Ethical Travel – the awareness of our impact as we explore the world

In 2014 David and I made the difficult, but principled, decision to focus on ethical travel, and stop working with clients and suppliers that insisted on taking part in inhumane animal interactions, such as the infamous elephant back safaris in Thailand.

Over the last 6 years we have endeavoured to find and support people and organisations that have successfully brought about change to this terrible industry. All these years later it has become clear to us that the tide is turning and this morning’s visit to an ethical elephant sanctuary has gone a long way in restoring my faith in humanity. Our new partners have been on a great journey over the last 5 years, moving away from anything to do with elephant riding and ‘entertaining’ and working to ensure that their elephants come first (whilst still enabling a sustainable life for their mahouts to ensure that the cycle of inhumane treatment and work stops).

This experience provides a great opportunity to learn about the role of elephants in Thai culture and communities and how their future in Thailand is intertwined with people and the mahouts who look after them. It is important for westerners to understand that Elephants have been part of the local culture for centuries and that it is only through sustainable practices and education that change can be made. Rescued from the Burmese logging trade and from the Thai ‘circus entertainment’ industry the incredible creatures we met today roam free in their new home and determine the schedule that the excursion follows… when they want to eat, they eat and when they want to swim, they swim. In the greater scheme these sanctuaries shouldn’t be needed and animals should only be seen in the wild – we are intrinsically aware of this – but until such time as animals like these aren’t woven through the fabric of these cultures, our visits to places like this enable the sanctuary caretakers to provide important food and healthcare for these incredible animals, who are unable to be reintroduced back into the wild. In turn, these magnificent and emotive beings provide an experience that teaches us to be cognisant of the burden of responsibility that we as humans have to all living beings and to continue our fight for change.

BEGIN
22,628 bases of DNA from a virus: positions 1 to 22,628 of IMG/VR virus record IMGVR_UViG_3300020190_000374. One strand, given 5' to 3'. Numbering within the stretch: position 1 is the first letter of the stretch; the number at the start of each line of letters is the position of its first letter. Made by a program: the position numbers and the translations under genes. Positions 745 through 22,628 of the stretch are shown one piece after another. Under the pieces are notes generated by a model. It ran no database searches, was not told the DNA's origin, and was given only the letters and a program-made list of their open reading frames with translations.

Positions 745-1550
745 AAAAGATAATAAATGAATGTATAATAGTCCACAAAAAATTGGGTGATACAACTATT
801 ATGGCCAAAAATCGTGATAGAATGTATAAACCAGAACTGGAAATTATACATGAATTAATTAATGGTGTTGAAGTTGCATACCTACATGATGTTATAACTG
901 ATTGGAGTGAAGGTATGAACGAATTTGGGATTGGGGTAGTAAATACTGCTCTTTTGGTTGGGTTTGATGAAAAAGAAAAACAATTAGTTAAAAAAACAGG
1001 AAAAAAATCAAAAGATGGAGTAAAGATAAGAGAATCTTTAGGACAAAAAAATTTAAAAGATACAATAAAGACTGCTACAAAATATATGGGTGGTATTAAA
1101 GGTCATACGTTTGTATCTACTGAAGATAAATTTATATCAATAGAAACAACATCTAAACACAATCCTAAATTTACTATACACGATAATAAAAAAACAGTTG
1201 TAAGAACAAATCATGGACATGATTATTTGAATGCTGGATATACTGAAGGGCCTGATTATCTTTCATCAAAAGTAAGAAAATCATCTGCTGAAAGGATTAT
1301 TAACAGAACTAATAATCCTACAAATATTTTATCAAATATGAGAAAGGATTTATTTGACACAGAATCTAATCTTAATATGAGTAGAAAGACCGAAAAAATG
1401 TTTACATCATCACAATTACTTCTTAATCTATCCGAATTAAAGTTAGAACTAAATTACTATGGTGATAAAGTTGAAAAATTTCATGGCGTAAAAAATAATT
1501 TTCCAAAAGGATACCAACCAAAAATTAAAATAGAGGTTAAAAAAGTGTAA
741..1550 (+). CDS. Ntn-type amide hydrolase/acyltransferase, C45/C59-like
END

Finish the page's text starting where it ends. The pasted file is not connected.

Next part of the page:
Related Itinerary: The Ultimate Northern Thailand Explorer – 10 nights Bangkok, Ayutthaya, Mae Wang, Samoeng, Pai and Chiang Mai

Additional Reading: Why Elephant Riding Should Be Removed from Your List

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